116 3rd St SE
Cedar Rapids, Iowa 52401
If the state of Iowa refuses to protect our water, who you gonna call?
Sorry, please hold until the next available state government that gives a damn.
Sadly, there’s really no one to call. The Iowa Supreme Court last week, in a 4-3 ruling, punted a lawsuit by environmental groups suing the state for failing to protect the Raccoon River, a source of drinking water for the city of Des Moines.
Iowa Citizens for Community Improvement and Food & Water Watch sued the state arguing that it has violated the public trust by permitting agricultural pollution to run off into the Raccoon. Iowa’s entirely voluntary Nutrient Reduction Strategy isn’t working.
But a court majority found that the groups lacked standing to pursue the suit, using that legal technicality as a get-out-of-controversy-free card. They ruled the plaintiffs’ arguments largely are political, and that it’s not the court’s job to hold government accountable for violating the public trust.
Three justices dissented, arguing the court shouldn’t be so quick to toss out the case before it could sail beyond the judicial “headwaters.” Regardless of what you think of the group’s arguments, they deserved their day in District Court.
But the fight to protect and clean up Iowa’s waterways hasn’t had a good day in years.
The Republican-controlled Iowa Legislature, a wholly owned subsidiary of large agricultural interests, has shown no interest in doing anything meaningful to reduce the flow of nitrates from cropland into Iowa’s rivers, streams and lakes.
Gov. Kim Reynolds signed an inadequate bill into law in 2017 that throws tens of millions of taxpayer dollars into on-farm runoff reduction with no mechanisms for measuring effectiveness. Her failed effort to fill the Iowa Natural Resources and Outdoor Recreation Trust Fund followed the same playbook.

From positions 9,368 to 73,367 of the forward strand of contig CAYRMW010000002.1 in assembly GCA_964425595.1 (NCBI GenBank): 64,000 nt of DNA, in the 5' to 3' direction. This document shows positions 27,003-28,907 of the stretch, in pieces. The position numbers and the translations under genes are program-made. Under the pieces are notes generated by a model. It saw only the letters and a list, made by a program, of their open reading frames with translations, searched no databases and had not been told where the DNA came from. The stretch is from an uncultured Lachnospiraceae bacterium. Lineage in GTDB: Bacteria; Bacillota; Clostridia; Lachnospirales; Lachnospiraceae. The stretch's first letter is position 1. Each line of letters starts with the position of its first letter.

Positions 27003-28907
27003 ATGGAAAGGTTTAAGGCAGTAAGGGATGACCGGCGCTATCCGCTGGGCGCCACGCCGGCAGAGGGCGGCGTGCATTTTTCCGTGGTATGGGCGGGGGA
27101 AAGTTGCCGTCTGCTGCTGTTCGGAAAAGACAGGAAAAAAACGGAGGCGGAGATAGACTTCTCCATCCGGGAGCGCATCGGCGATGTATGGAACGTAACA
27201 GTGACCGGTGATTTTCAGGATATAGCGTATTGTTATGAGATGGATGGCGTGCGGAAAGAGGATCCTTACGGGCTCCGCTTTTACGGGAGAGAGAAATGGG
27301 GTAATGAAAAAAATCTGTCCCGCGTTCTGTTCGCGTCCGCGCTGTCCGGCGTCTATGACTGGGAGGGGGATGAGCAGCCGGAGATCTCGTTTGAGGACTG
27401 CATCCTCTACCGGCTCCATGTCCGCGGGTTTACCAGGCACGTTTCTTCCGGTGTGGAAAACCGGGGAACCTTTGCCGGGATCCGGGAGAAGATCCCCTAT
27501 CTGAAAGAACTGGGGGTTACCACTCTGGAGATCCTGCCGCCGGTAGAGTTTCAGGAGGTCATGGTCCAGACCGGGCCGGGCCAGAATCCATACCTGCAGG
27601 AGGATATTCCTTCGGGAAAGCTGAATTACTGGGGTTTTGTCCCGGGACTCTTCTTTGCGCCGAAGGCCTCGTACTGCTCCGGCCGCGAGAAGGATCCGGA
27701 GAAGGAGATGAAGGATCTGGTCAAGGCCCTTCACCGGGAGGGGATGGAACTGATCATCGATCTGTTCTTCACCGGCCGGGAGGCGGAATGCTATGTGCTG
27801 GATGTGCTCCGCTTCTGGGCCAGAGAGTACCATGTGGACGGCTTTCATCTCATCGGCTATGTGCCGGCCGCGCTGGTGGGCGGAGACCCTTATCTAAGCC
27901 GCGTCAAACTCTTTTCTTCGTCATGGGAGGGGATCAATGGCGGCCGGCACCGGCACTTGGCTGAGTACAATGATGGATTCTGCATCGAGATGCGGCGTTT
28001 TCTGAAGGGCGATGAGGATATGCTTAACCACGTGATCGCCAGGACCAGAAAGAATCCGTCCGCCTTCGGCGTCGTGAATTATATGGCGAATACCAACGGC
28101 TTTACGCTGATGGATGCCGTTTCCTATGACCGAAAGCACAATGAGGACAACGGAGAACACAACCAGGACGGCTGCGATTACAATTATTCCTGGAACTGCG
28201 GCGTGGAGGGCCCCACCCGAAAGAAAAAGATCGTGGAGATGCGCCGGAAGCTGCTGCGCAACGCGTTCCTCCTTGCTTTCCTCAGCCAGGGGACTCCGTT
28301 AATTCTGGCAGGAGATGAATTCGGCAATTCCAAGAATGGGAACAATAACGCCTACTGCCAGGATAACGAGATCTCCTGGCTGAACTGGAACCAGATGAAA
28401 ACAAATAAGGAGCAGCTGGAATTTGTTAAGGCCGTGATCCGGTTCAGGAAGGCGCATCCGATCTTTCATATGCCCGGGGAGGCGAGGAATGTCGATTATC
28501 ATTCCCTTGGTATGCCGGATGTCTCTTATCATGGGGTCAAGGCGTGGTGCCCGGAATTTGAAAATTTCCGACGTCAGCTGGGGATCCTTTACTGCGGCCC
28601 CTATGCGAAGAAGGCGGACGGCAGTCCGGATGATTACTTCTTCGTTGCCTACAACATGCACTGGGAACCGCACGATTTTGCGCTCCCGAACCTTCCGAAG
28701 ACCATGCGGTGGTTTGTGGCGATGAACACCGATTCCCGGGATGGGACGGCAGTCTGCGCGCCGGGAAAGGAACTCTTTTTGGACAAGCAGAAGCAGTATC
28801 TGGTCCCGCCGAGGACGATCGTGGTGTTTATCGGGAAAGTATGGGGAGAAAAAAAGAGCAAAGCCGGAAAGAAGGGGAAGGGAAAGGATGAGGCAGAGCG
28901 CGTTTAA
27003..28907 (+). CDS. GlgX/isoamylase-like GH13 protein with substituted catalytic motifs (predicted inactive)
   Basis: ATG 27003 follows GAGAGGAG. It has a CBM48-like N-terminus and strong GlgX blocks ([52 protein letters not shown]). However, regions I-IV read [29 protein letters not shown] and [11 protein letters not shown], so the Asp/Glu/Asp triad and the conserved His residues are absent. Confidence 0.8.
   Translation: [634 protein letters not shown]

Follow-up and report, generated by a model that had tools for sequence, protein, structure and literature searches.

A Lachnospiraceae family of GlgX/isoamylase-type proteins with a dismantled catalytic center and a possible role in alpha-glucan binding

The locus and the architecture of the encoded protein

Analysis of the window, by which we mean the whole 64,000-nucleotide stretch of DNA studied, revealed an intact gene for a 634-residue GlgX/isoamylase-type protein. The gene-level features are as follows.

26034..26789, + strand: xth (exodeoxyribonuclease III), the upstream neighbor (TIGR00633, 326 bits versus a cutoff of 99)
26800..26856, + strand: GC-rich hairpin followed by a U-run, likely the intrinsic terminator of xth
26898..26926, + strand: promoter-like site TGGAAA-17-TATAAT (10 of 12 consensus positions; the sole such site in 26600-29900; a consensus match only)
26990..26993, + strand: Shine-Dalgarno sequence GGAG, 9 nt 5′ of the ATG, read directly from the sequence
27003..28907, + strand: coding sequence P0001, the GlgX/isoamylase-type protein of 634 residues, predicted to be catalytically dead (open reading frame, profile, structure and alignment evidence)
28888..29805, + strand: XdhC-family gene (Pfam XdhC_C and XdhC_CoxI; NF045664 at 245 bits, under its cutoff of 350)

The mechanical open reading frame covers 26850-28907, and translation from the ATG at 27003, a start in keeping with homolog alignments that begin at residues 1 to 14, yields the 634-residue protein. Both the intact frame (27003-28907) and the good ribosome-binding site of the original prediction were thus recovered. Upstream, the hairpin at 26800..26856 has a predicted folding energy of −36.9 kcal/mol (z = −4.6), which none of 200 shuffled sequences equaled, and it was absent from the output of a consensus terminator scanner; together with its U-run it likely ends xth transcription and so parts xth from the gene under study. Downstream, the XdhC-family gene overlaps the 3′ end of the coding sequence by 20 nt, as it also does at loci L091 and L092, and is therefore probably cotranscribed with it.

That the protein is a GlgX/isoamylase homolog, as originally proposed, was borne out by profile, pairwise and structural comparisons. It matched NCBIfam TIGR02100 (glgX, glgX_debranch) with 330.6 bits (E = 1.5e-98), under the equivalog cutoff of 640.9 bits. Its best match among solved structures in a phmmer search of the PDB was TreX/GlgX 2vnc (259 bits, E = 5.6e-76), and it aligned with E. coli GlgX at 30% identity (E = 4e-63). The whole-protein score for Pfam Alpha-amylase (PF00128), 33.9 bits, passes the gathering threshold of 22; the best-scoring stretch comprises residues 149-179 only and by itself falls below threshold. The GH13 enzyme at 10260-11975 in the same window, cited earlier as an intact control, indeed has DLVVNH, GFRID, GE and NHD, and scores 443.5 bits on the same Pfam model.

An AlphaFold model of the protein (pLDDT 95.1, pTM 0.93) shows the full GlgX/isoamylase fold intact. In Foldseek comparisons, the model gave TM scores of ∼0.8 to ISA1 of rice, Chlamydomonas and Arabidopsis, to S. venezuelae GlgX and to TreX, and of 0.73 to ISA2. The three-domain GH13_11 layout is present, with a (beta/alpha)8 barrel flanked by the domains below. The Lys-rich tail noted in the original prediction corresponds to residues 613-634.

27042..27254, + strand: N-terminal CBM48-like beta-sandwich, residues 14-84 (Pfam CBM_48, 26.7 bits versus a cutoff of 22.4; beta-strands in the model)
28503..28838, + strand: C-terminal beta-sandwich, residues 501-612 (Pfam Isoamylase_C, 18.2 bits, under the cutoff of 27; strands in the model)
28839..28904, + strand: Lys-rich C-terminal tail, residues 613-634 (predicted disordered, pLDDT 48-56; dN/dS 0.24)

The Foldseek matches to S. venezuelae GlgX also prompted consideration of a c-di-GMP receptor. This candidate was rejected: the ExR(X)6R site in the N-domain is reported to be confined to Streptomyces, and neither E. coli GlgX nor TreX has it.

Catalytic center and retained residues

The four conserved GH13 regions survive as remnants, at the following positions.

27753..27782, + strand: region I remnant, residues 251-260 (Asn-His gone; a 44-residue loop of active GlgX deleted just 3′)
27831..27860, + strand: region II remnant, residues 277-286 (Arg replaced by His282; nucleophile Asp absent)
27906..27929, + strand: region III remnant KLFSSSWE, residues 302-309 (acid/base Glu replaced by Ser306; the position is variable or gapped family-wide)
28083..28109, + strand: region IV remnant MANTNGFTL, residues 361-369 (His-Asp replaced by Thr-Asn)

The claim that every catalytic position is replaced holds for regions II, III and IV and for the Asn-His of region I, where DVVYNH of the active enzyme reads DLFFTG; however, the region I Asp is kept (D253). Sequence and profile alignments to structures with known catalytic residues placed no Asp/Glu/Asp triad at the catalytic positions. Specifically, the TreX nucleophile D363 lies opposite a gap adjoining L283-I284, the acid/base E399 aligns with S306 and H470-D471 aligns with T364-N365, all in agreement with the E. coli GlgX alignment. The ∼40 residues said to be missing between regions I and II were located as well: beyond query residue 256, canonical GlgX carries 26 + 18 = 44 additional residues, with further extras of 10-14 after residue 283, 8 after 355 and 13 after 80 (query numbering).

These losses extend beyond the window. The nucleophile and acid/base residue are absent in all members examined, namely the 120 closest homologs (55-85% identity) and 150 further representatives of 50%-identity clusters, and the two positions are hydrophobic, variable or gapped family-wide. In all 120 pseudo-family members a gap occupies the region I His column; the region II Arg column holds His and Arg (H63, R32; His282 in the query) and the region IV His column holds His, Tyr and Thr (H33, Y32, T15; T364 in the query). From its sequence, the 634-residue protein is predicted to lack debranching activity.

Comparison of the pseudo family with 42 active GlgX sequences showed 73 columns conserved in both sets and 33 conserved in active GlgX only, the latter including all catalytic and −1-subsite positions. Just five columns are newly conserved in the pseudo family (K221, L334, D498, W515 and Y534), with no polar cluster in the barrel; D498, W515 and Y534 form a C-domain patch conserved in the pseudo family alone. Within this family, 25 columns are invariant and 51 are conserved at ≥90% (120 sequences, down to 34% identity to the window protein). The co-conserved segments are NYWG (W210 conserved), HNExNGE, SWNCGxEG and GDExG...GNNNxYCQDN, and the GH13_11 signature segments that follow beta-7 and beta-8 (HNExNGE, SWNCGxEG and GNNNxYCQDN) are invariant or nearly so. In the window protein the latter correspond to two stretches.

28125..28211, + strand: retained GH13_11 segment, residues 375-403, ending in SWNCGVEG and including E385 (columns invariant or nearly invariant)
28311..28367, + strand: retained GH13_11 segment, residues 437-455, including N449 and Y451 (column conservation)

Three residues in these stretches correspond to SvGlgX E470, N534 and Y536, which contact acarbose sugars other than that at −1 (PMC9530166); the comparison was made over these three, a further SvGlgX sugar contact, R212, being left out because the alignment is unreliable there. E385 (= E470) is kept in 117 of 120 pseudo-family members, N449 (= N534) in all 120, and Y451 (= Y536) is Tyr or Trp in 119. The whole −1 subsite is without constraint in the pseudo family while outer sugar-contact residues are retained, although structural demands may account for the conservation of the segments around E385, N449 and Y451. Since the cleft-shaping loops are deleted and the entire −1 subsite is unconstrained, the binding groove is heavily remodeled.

Her largest campaign donors are livestock barons, who will no doubt be refilling her campaign accounts as she seeks reelection next year.
The Department of Natural Resources this spring gave the green light to an 11,600-head cattle feedlot in the watershed of a trout stream considered one of the state’s “outstanding” waters. DNR Director Kayla Lyon then refused to use her authority to halt the project amid public outcry.
The Environmental Protection Commission is dominated by members tied to agriculture. Among its greatest hits is its refusal to set pollution standards for Iowa lakes too often choked by algae blooms fed by nutrient runoff. Setting such standards, the DNR contends, would lead to costly cleanups. Sorry if your summer outing is ruined by a closed beach.
The Iowa Department of Agriculture, run by Sec. of Agriculture Mike Naig, a former Monsanto lobbyist whose election was boosted by donations from corporate PACs and commodity groups, isn’t going to take your call either.
And now the Supreme Court is ducking for cover as the pollution keeps flowing.
Next year’s election offers some hope. But I doubt you’ll hear Democratic candidates for governor advocating for regulations pushing farmers to adopt conservation practices. They fear alienating rural voters. Never mind that the cost of dirty water and lost recreational opportunities hits rural Iowa particularly hard.
If you’ve got reasons to be more optimistic, let me know. I’ll hold.
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